Front Page Titles (by Subject) Consensus vs. Politics - Literature of Liberty, July/September 1978, vol. 1, No. 3
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Consensus vs. Politics - Leonard P. Liggio, Literature of Liberty, July/September 1978, vol. 1, No. 3 
Literature of Liberty: A Review of Contemporary Liberal Thought was published first by the Cato Institute (1978-1979) and later by the Institute for Humane Studies (1980-1982) under the editorial direction of Leonard P. Liggio.
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Consensus vs. Politics
“The Limits of Consensual Decision.” American Political Science Review 64 (December 1975): 1270–1298.
Presently, in the social sciences, the concept of unanimity provides our only method of determining the “best” state of affairs other than subjectively declaring that we know what's best for other people.
The idea that government decisions should reflect some approximate consensus—unanimous agreement as a condition to action—has deep intuitive and analytic roots in liberal thought. Unanimity or consensus appears in the myth of the social contract, in the doctrine of consent, in the structure of markets, and in the utilitarian ethic of the greatest good for the greatest number (which survives economic theory under the title of efficiency).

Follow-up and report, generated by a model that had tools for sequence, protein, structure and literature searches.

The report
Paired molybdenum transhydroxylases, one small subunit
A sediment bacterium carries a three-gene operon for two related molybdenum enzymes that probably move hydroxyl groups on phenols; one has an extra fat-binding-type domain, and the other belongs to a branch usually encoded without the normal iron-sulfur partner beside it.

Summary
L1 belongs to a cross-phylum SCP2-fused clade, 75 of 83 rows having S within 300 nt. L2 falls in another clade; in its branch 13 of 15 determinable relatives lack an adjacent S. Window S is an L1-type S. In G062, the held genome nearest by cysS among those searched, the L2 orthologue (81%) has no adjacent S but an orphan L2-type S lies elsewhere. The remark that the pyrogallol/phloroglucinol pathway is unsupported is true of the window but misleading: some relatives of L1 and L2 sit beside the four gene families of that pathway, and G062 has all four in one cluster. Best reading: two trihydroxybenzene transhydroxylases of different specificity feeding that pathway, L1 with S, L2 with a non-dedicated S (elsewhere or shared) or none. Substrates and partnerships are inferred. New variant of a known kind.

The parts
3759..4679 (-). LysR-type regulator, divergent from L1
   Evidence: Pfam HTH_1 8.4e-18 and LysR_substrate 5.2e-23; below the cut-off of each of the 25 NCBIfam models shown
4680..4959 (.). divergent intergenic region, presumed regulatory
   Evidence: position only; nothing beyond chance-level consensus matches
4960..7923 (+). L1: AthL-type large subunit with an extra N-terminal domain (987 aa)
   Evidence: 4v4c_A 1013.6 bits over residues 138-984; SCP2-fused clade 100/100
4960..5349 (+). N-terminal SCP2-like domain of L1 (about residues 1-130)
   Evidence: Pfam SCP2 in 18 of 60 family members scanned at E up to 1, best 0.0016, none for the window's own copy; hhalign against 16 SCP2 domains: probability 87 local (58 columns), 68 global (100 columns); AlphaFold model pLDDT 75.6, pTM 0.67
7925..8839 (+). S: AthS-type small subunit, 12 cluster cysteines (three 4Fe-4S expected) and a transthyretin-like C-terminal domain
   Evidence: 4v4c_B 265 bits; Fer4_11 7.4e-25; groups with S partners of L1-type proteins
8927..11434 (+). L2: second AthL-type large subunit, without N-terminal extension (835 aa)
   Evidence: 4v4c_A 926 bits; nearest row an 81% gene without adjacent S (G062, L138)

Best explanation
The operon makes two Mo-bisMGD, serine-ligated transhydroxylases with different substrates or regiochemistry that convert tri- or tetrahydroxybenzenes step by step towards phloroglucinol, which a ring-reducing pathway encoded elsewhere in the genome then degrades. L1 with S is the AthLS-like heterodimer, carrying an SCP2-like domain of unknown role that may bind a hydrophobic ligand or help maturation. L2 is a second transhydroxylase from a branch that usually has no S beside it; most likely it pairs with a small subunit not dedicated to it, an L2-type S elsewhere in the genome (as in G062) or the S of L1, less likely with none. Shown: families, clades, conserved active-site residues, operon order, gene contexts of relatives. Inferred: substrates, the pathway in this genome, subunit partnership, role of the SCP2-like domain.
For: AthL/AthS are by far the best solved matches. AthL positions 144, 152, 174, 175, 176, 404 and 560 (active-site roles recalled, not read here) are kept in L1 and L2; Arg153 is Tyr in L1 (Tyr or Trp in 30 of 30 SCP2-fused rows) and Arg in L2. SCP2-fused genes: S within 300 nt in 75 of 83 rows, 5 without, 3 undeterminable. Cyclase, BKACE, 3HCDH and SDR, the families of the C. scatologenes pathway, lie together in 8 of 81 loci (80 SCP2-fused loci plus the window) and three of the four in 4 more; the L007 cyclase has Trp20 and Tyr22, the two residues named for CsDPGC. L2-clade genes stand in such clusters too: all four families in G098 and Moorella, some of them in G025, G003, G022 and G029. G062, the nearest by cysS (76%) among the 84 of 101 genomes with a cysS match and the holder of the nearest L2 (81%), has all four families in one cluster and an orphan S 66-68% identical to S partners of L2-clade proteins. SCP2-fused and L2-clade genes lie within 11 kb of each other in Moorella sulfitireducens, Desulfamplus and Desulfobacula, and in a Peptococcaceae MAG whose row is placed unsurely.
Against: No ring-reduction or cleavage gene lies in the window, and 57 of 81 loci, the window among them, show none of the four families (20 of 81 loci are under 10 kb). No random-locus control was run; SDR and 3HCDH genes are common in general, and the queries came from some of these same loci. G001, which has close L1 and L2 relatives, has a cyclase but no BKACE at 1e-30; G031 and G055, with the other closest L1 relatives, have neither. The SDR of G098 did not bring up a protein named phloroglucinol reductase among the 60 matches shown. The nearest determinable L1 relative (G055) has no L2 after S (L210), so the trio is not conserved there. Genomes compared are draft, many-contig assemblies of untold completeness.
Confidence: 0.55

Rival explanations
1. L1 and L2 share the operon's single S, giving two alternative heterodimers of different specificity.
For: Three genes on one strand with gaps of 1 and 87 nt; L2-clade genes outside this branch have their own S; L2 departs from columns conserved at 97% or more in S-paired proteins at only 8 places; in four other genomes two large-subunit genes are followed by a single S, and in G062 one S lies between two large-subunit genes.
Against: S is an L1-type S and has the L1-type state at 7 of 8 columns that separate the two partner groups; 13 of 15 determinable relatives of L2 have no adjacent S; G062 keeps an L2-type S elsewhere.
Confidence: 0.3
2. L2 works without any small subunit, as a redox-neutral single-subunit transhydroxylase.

It is everywhere understood that consensus has serious practical limits, but these hardly disqualify it from service as a normative criterion to be approximated in experience. Yet we should not say merely that consensus cannot be duplicated in practice, we should say that it should not be approximated in practice.
Consensual decision displays structural defects. For any society requiring politics, these defects spoil its normative promise. Within the context of a political society neither consensual decision nor any other device can conceivably grant an unconditional right of consent to persons. Thus, some outcome to any political decision must portend a violation of consent. The new political economy—Knut Wicksell or James Buchanan, and Gordon Tullock in The Calculus of Consent, 1962—is wrong in claiming that consensual decision leads toward social efficiency. They would be right only for a society requiring no politics.
Thus we reach a key, but disturbing, conclusion: “Consensual decision will cash its guarantee—assure utilitarian efficiency—precisely where politics itself seems unnecessary—i.e., in a perfect private sector. This last, however improbable, would make politics a risky luxury: If no harm can befall me under static policy, yet losses can be inflicted by governmental action, why should I not choose to end political history?”